Drawing inspiration from a recent alligator attack on a golf ball diver, my editor tasked me with discovering more about the dangers these professionals regularly face. After weeks of writing and editing, this particular article got me the first front page story of my journalistic career. Here's the end result.
To view this piece as it was originally published by the South Florida Sun-Sentinel, please click here
'Blackwater' divers defy snakes and gators in quest for golf balls -- and big paychecks
As Stephen Martinez tugs on his diving suit and heads for the murky ponds that are his workplace, he is mindful of the scars on his left hand that hamper his bass-playing ability.
Martinez, 54, of Pompano Beach, is a lifelong golf ball diver. He’s survived two separate alligator attacks in his decades-long career, and after a Southwest Florida diver nearly lost his arm in an alligator ambush just a few weeks ago, the perils of his job are once again in the national spotlight.
“As a knowing person who’s been attacked, I feel the pain of my brethren,” Martinez said. “I understand. I know what it’s like to be in the mouth of a dinosaur.”
In spite of the risks, Martinez is still willing to risk life and limb to collect a steady paycheck.
According to Scott Evans, president of the North Florida Golf Ball Company, experienced divers typically recover an average of 3,000 to 5,000 golf balls per day. The pay varies among the companies that employ them, but Evans said his divers make 6-to-12 cents per ball.
After salvage, companies recondition the balls and group them according to quality before selling them “just about everywhere you can imagine,” said Jeff Wall, vice president of procurement at PG Professional Golf. Nationwide, nearly 100 million used golf balls are recovered and sold each year, generating a multi-million dollar industry.
The job is far from simple. To work for an established recovery company, divers must be familiar with the rigors of operating in a zero-visibility environment, and remain wary of the hazards that lurk below.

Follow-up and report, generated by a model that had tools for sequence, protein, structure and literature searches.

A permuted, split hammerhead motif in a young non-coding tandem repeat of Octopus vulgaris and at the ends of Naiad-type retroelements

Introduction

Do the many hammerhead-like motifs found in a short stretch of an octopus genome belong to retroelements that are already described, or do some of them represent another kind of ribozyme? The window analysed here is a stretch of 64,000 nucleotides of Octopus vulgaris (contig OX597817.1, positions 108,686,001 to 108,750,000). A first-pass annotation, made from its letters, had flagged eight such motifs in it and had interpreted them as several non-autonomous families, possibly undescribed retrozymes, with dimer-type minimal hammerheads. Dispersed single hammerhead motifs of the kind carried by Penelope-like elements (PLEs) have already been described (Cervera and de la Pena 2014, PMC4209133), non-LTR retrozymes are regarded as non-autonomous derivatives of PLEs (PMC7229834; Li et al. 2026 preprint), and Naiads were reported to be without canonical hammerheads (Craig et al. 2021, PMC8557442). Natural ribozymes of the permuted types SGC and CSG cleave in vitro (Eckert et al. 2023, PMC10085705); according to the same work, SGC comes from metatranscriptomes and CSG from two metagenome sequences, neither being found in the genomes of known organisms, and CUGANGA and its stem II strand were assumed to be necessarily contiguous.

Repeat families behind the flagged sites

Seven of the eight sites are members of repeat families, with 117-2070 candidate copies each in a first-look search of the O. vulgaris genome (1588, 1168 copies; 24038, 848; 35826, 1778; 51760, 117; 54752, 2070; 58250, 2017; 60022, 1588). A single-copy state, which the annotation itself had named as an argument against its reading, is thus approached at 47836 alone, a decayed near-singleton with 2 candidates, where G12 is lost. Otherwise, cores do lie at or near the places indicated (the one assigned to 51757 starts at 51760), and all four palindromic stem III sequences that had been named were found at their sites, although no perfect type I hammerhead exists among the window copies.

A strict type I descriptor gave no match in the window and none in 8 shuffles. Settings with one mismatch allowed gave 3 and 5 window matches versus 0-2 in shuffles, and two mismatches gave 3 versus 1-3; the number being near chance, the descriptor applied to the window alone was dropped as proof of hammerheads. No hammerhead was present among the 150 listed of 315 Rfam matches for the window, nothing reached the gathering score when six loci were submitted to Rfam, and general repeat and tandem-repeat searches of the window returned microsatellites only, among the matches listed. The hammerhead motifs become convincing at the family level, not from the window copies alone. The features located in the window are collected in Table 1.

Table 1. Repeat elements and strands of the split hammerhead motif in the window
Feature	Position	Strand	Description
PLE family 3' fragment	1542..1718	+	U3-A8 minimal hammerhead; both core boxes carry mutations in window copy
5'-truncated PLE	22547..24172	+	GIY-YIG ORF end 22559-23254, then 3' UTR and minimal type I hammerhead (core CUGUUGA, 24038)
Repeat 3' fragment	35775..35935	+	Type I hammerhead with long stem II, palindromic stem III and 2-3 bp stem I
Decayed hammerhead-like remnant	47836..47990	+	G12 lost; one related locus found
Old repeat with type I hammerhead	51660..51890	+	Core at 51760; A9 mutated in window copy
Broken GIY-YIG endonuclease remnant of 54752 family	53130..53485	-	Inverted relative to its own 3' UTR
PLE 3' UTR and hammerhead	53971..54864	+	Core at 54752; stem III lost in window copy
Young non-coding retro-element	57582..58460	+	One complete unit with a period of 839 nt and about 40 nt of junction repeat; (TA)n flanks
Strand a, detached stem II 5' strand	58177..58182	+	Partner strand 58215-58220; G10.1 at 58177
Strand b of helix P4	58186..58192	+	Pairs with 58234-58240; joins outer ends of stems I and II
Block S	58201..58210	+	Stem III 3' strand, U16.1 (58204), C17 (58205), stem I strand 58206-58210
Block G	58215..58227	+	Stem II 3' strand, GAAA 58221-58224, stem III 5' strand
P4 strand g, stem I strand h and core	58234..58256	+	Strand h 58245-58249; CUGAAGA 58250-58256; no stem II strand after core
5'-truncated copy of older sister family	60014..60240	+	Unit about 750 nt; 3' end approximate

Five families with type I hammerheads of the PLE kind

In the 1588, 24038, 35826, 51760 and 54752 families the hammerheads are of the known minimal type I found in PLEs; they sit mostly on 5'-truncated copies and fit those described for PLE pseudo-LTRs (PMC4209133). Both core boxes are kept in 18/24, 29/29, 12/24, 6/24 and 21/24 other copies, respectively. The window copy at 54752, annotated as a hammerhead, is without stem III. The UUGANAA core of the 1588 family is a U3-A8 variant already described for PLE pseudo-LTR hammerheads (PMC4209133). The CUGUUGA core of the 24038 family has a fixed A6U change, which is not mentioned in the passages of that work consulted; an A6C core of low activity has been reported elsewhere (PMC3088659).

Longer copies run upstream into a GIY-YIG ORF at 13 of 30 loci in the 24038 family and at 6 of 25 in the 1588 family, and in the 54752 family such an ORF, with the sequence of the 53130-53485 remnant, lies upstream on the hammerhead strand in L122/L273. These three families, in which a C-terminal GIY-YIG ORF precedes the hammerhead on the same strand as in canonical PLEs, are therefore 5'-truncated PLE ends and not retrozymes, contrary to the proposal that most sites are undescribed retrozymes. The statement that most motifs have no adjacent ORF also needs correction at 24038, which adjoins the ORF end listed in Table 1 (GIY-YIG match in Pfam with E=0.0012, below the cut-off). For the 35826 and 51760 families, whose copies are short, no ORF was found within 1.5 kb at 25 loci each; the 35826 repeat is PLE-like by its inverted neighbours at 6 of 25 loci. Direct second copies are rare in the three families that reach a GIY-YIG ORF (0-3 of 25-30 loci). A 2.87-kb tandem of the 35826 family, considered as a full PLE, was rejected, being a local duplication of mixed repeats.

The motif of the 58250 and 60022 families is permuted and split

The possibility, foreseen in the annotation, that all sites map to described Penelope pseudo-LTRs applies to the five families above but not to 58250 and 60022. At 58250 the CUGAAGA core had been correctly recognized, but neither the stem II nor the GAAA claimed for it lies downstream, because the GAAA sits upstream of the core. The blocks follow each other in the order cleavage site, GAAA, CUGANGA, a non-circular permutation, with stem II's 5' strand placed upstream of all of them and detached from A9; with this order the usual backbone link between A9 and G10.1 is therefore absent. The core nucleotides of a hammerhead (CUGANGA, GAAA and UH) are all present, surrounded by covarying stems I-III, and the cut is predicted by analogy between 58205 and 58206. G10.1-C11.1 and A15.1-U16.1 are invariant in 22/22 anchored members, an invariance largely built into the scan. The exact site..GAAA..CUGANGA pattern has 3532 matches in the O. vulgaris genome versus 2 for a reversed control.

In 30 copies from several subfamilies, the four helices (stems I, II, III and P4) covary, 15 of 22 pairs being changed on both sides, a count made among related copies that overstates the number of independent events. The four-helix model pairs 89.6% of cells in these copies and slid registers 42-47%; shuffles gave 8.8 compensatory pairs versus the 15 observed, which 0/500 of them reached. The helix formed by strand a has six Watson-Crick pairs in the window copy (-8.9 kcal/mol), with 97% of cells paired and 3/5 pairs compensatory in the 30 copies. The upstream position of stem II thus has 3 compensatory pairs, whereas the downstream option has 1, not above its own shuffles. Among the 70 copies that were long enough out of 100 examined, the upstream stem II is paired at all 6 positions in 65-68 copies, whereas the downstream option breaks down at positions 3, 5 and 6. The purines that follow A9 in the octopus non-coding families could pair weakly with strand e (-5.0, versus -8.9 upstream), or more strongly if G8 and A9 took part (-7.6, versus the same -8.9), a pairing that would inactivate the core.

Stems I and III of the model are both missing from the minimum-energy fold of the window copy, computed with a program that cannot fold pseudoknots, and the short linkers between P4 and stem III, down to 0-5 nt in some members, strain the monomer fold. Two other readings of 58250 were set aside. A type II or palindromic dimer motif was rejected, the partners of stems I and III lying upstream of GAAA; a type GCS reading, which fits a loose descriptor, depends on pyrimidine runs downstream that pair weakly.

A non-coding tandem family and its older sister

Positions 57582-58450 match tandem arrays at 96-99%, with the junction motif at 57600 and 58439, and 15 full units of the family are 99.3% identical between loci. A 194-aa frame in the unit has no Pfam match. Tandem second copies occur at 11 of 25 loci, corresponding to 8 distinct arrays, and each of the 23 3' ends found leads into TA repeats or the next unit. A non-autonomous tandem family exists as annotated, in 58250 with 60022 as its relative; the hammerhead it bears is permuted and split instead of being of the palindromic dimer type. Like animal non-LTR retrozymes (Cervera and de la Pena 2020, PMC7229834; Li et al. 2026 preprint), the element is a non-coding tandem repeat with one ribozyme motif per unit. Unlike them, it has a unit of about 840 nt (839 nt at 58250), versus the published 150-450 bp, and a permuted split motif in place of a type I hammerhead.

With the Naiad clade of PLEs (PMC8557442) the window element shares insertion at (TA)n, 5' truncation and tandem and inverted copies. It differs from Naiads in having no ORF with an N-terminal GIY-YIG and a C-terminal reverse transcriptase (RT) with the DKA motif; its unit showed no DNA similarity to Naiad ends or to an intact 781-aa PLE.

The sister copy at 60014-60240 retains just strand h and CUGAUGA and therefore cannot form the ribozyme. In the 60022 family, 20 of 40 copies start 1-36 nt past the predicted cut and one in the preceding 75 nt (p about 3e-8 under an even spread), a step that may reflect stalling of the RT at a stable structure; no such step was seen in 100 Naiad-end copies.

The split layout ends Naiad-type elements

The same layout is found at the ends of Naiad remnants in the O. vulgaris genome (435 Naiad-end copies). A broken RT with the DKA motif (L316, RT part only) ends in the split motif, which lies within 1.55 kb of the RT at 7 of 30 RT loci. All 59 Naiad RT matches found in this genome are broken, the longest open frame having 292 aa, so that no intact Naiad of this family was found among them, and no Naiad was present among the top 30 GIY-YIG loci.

“It’s blackwater diving,” Martinez said. “Basically, it’s almost like braille. … going in, and touching anything alive or dead — you have to be ready for it.”
Although they understand the deadly potential waiting beneath the surface, the promise of a paycheck keeps divers coming back. It’s what first motivated Martinez to slip into a wetsuit, strap knives to his thighs and wade into murky ponds across the United States.
Currently working as a diver for Birdie Golf Ball Company, Martinez stressed that experience is the most valuable asset in a diver’s repertoire. He said they must take any and all threats into consideration, and should routinely check their equipment for potential malfunctions.
Employers echoed that sentiment. Headquartered in Sugar Land, Texas, PG Professional Golf says it controls exclusive dredging rights to all the ponds on Miami-Dade County’s golf courses
While most companies don’t directly hire their own divers, Wall said PG ensures its contractors follow strict hiring procedures. He said that all PG divers must be certified by the Professional Association of Diving Instructors, and that the lack of experience is one of the greatest threats to a diver’s safety.
“It’s not something that a recreational scuba diver could jump in and have success with,” Wall said. “It’s very hard manual labor. ... The backbone of our industry are those guys that brave the snakes and alligators.”
While PG Professional Golf’s subcontracted workers each carry two layers of $2 million in liability insurance, wildlife threats aren’t the only dangers they face. In addition to alligators, snakes, snapping turtles and catfish, divers have to contend with man-made obstacles.
As the former owner and operator of RPB GolfBall Retrieval, Ricky Paulbritt, Jr. spent four-and-a-half years scouring ponds along Florida’s west coast. Over the course of his career, he’s been snagged on underwater fountain lines, entangled by fishing wire and nearly drowned due to exhaustion and a depleted air supply.
“You’re not gonna avoid [the risks],” he said. “They’re gonna be there.”
For Martinez and Paulbritt, the dangers — natural or otherwise — come with the territory. According to Tommy Chipman, director of golf operations for the Miami-Dade department of parks and recreation, most of the county’s golf courses are Certified Cooperative Sanctuaries with the Audubon Society.
Designed to “preserve the natural heritage of the game of golf,” the program works with individual courses to promote conservation. Other than posted warnings about wildlife, the courses don’t offer other safety measures.
“We don’t try to keep any of [the wildlife] out, at least at our golf courses,” Chipman said. “They understand the risk. … We let them know that we do have some of those things, but they know how to manage.”
To this point, divers have managed well. Both Chipman and Wall said no divers have been injured or killed while rounding up submerged golf balls in Miami-Dade.
Despite the sleepless nights and the fear he must overcome every time he dives, Martinez says he stays on the job so he can provide for his two teen-aged children.
“When I say the words, ‘I’ll see you later,’ that means a lot,” Martinez said.